In my article, I mentioned:
Something about Friedman’s Machinery always bugged me – maybe it was the way he noted that Hazlitt’s Economics in One Lesson is “reputed” to be a good introductory book on economics, but “I have not read it” – as if he does not need to. From someone with degrees only in physics and chemistry, I suppose I would have expected a bit more humility; and his over-reliance on “law and economics” has always made Friedman seem just a tad too much the dilettante and Austro-cynic for my taste.
I remember one other thing I had seen that bolstered this impression: his Blogger profile states: “I am an academic economist who teaches at a law school and has never taken a course for credit in either field.”
The September 2006 issue of Liberty has the feature “The Ten Best Libertarian Books”: “Milton Friedman, Lew Rockwell, David Boaz and Liberty’s editors and contributors celebrate ten intellectual achievements that helped to produce the modern libertarian movement.” Yes, Lew Rockwell is in there (with an essay on Mises’s Human Action). Here are the ten:
- Hayek, The Road to Serfdom
- Rand, Atlas Shrugged
- Mises, Human Action
- Milton Friedman, Capitalism and Freedom
- Hayek, The Constitution of Liberty
- Rand, The Fountainhead
- Nozick, Anarchy State and Utopia
- Mises, Socialism
- David Friedman, The Machinery of Freedom
- Isabel Paterson, The God of the Machine
Not a bad list, if a bit predictable. There are some I’d take off, or move to a much lower place, and others I’d include. I would remove both by Hayek: I could not finish either. I found Serfdom obvious and boring, and Constitution just boring. But I’m probably in the minority on this assessment; and Serfdom did have a big influence. I would also take out The Fountainhead; Atlas is enough. And I’d remove Paterson too; again, another one I could not get through. Too many metaphors; too nonrigorous. This is the worst choice for the list, in my view.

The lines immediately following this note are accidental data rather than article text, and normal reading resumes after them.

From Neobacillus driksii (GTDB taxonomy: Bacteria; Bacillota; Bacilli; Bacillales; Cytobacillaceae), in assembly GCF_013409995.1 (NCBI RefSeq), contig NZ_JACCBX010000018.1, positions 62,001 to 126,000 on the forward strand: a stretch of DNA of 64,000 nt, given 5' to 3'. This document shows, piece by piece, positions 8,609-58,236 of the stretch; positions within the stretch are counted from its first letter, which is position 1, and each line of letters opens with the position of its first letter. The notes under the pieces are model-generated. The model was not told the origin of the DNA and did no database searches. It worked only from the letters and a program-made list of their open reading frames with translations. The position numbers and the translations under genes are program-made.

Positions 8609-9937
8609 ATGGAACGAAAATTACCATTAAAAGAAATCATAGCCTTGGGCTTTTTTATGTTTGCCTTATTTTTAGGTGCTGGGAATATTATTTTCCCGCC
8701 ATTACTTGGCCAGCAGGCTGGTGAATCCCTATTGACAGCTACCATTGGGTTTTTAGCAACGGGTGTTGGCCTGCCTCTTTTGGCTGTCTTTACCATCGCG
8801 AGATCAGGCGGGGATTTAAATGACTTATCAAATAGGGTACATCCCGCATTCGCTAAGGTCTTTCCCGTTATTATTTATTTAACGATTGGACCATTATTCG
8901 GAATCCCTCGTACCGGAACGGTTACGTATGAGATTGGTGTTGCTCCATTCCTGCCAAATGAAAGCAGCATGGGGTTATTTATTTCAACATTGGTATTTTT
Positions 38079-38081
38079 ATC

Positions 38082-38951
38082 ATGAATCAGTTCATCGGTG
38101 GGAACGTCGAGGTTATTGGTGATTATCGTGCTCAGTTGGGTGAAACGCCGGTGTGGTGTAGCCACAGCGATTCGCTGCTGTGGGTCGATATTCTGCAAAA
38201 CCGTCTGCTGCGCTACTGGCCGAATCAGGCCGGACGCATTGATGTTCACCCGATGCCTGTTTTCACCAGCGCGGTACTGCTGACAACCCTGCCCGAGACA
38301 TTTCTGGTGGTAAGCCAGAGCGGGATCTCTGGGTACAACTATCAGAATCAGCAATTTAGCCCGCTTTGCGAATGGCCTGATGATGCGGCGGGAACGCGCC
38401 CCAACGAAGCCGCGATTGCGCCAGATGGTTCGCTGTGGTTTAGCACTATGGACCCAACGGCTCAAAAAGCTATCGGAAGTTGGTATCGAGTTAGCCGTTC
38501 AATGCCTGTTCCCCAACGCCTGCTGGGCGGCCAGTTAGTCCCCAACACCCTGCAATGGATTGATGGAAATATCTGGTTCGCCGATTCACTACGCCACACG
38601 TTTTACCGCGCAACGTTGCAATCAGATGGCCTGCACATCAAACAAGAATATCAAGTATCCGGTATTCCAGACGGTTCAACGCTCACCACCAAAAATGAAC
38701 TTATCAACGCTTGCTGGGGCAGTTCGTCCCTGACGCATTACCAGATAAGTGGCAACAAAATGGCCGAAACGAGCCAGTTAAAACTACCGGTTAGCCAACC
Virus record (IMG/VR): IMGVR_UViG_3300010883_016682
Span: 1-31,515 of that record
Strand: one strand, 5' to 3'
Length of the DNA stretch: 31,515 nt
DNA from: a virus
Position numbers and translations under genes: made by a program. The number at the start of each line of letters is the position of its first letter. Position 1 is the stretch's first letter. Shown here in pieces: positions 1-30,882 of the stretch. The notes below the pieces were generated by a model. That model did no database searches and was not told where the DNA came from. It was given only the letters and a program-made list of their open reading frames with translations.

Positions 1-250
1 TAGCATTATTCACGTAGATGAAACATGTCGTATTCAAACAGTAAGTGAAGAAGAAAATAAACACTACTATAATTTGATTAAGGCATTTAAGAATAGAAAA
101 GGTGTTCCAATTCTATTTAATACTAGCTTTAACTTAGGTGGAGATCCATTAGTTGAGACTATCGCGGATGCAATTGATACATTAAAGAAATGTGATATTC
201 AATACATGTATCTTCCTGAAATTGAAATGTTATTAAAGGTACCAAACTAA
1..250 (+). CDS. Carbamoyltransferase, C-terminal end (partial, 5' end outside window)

A glaring omission from the list is Rothbard. For A New Liberty should be there, if not Ethics of Liberty and Man Economy and State. Also, Hoppe’s A Theory of Socialism and Capitalism should definitely be there.
Other possible candidates for the list? How about The Law by Bastiat? The Tannehills’ The Market for Liberty? Even Bruce Benson’s The Enterprise of Law. And perhaps a couple that are not explicitly libertarian but are very good on the issues of federalism and constitutionalism, such as Kilpatrick’s The Sovereign States or Felix Morley’s Freedom and Federalism.
And there are many more, such as some listed in the bibliographies at LRC–see especially the bibliographies by Hoppe, Gordon, and Rockwell.
So, Misesians–what are your top 10? The Comments Field awaits you!